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Obama:  Afghan Strategy Must Include Ending Terror Threat in Pakistan


President Barack Obama said the United States and NATO cannot be effective in Afghanistan without addressing the threat of terrorism across the border in Pakistan.

Mr. Obama told reporters during a joint news conference with German Chancellor Angela Merkel in Germany that he does not envision NATO troops in Pakistan. But he said NATO allies must do more to help the Pakistani government eliminate safe havens for extremists in the country's tribal regions.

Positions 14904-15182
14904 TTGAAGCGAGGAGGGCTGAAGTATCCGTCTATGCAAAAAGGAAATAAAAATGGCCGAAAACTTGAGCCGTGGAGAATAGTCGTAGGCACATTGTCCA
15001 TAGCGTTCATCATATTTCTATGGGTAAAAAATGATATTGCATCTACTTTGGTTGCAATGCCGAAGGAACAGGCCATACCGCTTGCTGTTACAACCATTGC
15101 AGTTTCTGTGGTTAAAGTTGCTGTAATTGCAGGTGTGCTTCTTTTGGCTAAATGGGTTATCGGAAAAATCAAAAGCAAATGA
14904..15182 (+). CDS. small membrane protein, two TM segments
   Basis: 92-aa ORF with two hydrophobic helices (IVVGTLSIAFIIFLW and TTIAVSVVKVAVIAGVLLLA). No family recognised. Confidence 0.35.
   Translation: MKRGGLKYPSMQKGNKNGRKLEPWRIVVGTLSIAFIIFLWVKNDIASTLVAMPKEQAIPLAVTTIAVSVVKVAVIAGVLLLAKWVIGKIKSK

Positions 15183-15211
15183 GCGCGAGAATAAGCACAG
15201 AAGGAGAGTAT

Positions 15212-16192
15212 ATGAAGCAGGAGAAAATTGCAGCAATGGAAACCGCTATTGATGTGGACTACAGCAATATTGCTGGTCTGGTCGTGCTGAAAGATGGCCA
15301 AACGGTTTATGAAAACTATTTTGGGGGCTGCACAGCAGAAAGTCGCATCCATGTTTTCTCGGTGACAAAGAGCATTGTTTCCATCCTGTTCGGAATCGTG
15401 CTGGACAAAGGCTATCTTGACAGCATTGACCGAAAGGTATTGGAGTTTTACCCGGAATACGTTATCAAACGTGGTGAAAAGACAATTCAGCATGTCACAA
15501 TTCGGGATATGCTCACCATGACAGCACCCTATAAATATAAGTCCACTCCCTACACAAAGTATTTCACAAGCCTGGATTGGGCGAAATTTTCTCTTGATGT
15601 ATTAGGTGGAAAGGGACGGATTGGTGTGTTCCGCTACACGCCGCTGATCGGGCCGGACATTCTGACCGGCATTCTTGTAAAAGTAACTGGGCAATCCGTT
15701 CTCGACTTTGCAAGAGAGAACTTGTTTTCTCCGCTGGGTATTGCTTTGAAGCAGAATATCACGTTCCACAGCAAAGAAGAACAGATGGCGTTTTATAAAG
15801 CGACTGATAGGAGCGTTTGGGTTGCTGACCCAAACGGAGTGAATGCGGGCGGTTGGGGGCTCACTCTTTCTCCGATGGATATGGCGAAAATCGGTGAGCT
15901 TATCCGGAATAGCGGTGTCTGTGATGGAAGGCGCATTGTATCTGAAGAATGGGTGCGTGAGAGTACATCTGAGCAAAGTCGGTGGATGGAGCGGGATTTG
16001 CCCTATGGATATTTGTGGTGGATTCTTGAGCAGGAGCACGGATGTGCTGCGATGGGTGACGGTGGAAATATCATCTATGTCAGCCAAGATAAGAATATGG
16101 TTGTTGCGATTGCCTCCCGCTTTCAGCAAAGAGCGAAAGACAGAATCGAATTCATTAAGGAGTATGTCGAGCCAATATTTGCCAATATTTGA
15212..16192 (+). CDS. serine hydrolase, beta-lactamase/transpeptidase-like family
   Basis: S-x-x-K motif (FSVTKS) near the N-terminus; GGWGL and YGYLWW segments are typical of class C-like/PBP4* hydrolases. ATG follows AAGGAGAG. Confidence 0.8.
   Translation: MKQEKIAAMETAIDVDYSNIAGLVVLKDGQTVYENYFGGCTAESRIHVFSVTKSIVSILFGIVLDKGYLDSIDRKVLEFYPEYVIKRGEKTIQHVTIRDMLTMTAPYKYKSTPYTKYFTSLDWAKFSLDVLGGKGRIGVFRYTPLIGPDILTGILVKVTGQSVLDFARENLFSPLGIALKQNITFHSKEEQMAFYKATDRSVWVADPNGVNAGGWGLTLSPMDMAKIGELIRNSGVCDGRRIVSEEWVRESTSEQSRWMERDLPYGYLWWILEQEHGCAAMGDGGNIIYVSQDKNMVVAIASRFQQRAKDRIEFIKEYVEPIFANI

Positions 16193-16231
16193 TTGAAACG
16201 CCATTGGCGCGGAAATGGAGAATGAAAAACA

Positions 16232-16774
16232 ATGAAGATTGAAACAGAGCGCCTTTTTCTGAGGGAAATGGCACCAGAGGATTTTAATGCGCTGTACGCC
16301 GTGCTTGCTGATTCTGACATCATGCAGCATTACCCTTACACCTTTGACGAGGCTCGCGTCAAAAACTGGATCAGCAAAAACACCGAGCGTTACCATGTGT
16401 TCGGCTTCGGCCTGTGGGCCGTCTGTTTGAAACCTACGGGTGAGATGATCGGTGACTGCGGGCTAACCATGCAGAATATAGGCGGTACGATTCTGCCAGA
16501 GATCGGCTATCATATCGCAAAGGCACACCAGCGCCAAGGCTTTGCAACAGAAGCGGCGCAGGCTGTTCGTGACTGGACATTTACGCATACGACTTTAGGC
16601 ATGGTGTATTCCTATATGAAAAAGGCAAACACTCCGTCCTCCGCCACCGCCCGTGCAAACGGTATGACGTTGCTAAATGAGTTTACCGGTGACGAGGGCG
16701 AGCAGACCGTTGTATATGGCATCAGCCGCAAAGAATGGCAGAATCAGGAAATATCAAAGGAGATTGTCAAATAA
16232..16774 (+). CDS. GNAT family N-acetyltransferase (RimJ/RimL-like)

The president said the task is "complex" that requires more resources to help develop Pakistan's tribal areas along the border with Afghanistan.

He traveled to France and Germany Friday to attend the NATO summit marking the 60th anniversary of the alliance.

Last month, Mr. Obama unveiled a new strategy for the conflict in Afghanistan, which includes more U.S. troops, money for training Afghan police, and a new diplomatic emphasis on Pakistan.

President Obama also said the goal of his new plan is not to run Afghanistan, but to help the country provide its own security to ensure it does not become a safe haven for terrorists.

Attacks by Taliban militants and other Afghan insurgents have grown to their highest levels since the U.S.-led coalition overthrew the former Taliban government in 2001.

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